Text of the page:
IT can no longer deliver services based on technology fiefdoms or silos as it has in the past. This practice is dead. Organizations that refuse to accept it will either dissolve, get outsourced, or end up being controlled by external entities such as CFOs, business units, and so on. IT needs to rethink the ways in which it contributes to the business -- and how it manages itself.

Infoworld, October 23, 2006

Software-As-A-Service Faces Its Next Big Test
Workday, a startup founded by tech industry veteran Dave Duffield,
introduces ERP applications as on-demand services.
Information Week, November 6, 2006

Whose Business Is Process Improvement Anyway?
Business and IT are locked in a struggle over who controls the management of business process improvements. CIOs who seek to lead the charge have their work cut out for them.
CIO Magazine, November 1, 2006

A Perfect Fit
The demand for finance talent may be soaring, but candidates refuse to settle for just any job.
CFO Magazine, November 2006
  4. Lawson Tips & Tricks )  
  Using Multiple dbcopy Processes

Ron shares a tip that I think is pretty cool.  He wrote a perl script that launches multiple concurrent dbcopy processes.  That way, your database copy takes only as long as the process for copying your largest table.

our $SOURCE_PL = "dev80old";
our $TARGET_PL = "dev80new";
my $MAX_CHILDREN = 6; # number of concurrent Dbcopys to run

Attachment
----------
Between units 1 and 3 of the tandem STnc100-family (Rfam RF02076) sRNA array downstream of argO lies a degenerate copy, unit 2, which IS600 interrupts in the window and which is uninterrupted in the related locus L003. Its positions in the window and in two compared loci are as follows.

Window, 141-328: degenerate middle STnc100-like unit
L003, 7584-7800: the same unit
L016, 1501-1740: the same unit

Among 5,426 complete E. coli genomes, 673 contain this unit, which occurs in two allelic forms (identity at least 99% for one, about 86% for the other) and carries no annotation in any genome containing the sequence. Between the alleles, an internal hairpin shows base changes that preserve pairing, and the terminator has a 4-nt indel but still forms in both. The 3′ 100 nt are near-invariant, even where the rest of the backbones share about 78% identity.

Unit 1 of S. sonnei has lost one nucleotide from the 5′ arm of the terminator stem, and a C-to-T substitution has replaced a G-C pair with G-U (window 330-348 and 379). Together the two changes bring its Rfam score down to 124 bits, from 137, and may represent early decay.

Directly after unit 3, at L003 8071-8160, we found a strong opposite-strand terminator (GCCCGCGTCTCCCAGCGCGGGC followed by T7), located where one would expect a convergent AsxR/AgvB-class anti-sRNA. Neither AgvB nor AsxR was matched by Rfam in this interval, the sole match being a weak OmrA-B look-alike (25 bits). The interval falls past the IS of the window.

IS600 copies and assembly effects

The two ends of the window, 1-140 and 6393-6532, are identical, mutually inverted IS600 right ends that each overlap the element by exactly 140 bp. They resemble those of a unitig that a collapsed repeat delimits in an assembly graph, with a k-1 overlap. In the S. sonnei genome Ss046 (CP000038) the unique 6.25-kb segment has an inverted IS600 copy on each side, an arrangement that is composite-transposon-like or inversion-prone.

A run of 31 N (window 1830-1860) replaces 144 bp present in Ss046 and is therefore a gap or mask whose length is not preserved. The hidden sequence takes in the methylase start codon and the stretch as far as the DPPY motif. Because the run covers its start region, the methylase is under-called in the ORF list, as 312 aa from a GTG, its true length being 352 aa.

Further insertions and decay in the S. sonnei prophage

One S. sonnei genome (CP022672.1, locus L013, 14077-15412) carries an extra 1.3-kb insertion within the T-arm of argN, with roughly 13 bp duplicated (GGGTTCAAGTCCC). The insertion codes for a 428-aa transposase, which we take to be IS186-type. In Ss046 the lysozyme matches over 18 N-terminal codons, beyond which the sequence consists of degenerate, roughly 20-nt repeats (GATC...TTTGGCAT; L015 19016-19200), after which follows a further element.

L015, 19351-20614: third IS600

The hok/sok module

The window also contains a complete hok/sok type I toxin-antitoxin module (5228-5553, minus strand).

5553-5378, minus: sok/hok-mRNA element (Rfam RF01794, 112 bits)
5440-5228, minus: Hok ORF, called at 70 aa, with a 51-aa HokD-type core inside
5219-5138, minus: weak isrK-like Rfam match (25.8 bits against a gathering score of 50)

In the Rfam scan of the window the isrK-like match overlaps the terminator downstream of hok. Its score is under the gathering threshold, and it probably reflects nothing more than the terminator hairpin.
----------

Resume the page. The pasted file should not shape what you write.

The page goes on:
my $tables = &TablesLargestToSmallest;

# Launches an initial MAX_CHILDREN, then as each complete launches a new one
my $i = 1;
foreach ( @$tables ) {
    if ( $i++ > $MAX_CHILDREN ) { wait }
    if ( not my $pid = fork ) {
        exit; # DONT FORGET THIS
# Cleanup Processes
while ( wait != -1 ) {}
exit 0;

sub Dbcopy() {
    my $table = shift;
    print "dbcopy -d $SOURCE_PL $TARGET_PL $table\n";
    system ( "dbcopy -d $SOURCE_PL $TARGET_PL $table" );

sub TablesLargestToSmallest() {
    my %src_counts;
    my @tables;
    print "Getting record counts...";
    open COUNTS, "count $SOURCE_PL |";
    while ( ) {
        my ($table, $count);
        ( $table, $count ) = split;
        if ( $count > 0 ) {
            $src_counts{"$table"} = $count;
    close COUNTS;
    print "done\n";
    @tables = sort { $src_counts{$b} <=> $src_counts{$a} } ( keys(%src_counts) );
    return \@tables;